Weapons of Math Destruction

Weapons of Math Destruction Author Cathy O'Neil
ISBN-10 9780141985428
Release 2016-09-06
Pages 272
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A former Wall Street quant sounds an alarm on the mathematical models that pervade modern life - and threaten to rip apart our social fabric We live in the age of the algorithm. Increasingly, the decisions that affect our lives - where we go to school, whether we get a loan, how much we pay for insurance - are being made not by humans, but by mathematical models. In theory, this should lead to greater fairness: everyone is judged according to the same rules, and bias is eliminated. And yet, as Cathy O'Neil reveals in this urgent and necessary book, the opposite is true. The models being used today are opaque, unregulated, and incontestable, even when they're wrong. Most troubling, they reinforce discrimination. Tracing the arc of a person's life, O'Neil exposes the black box models that shape our future, both as individuals and as a society. These "weapons of math destruction" score teachers and students, sort CVs, grant or deny loans, evaluate workers, target voters, and monitor our health. O'Neil calls on modellers to take more responsibility for their algorithms and on policy makers to regulate their use. But in the end, it's up to us to become more savvy about the models that govern our lives. This important book empowers us to ask the tough questions, uncover the truth, and demand change.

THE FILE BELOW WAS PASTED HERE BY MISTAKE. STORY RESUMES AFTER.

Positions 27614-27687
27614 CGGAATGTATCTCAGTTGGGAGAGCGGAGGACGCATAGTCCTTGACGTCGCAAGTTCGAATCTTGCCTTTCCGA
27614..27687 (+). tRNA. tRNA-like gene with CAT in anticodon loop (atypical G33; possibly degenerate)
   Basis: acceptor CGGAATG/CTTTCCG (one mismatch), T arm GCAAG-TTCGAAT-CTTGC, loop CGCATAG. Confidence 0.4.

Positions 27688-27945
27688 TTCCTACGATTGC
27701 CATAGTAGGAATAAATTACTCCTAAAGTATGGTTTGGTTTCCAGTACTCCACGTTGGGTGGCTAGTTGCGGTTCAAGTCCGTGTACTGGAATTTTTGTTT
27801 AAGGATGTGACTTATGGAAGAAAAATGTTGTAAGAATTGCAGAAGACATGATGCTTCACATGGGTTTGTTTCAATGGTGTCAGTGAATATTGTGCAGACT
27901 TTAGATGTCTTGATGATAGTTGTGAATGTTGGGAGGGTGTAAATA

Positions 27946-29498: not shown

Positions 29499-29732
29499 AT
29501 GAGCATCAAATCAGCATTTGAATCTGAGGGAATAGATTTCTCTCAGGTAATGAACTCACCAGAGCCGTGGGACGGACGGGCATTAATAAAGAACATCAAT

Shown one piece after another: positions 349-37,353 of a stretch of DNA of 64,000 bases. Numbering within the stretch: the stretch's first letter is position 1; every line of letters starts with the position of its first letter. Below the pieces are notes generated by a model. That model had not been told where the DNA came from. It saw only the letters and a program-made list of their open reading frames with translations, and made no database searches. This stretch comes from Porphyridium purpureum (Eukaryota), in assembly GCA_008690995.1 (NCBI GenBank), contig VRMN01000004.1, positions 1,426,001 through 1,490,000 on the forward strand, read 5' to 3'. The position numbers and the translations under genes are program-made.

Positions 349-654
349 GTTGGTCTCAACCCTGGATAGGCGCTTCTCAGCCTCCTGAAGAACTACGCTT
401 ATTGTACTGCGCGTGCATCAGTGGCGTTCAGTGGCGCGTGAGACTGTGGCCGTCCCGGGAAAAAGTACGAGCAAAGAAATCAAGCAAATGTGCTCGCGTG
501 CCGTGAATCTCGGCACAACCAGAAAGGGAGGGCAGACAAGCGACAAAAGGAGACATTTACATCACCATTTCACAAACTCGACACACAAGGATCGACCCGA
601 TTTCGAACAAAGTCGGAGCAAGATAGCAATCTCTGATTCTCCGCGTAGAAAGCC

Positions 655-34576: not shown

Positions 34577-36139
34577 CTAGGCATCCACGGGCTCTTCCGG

The Seven Pillars of Statistical Wisdom

The Seven Pillars of Statistical Wisdom Author Stephen M. Stigler
ISBN-10 9780674970212
Release 2016-03-07
Pages 240
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What gives statistics its unity as a science? Stephen Stigler sets forth the seven foundational ideas of statistics—a scientific discipline related to but distinct from mathematics and computer science and one which often seems counterintuitive. His original account will fascinate the interested layperson and engage the professional statistician.



The Master Algorithm

The Master Algorithm Author Pedro Domingos
ISBN-10 9780241004555
Release 2015-09-22
Pages 352
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A spell-binding quest for the one algorithm capable of deriving all knowledge from data, including a cure for cancer Society is changing, one learning algorithm at a time, from search engines to online dating, personalized medicine to predicting the stock market. But learning algorithms are not just about Big Data - these algorithms take raw data and make it useful by creating more algorithms. This is something new under the sun: a technology that builds itself. In The Master Algorithm, Pedro Domingos reveals how machine learning is remaking business, politics, science and war. And he takes us on an awe-inspiring quest to find 'The Master Algorithm' - a universal learner capable of deriving all knowledge from data.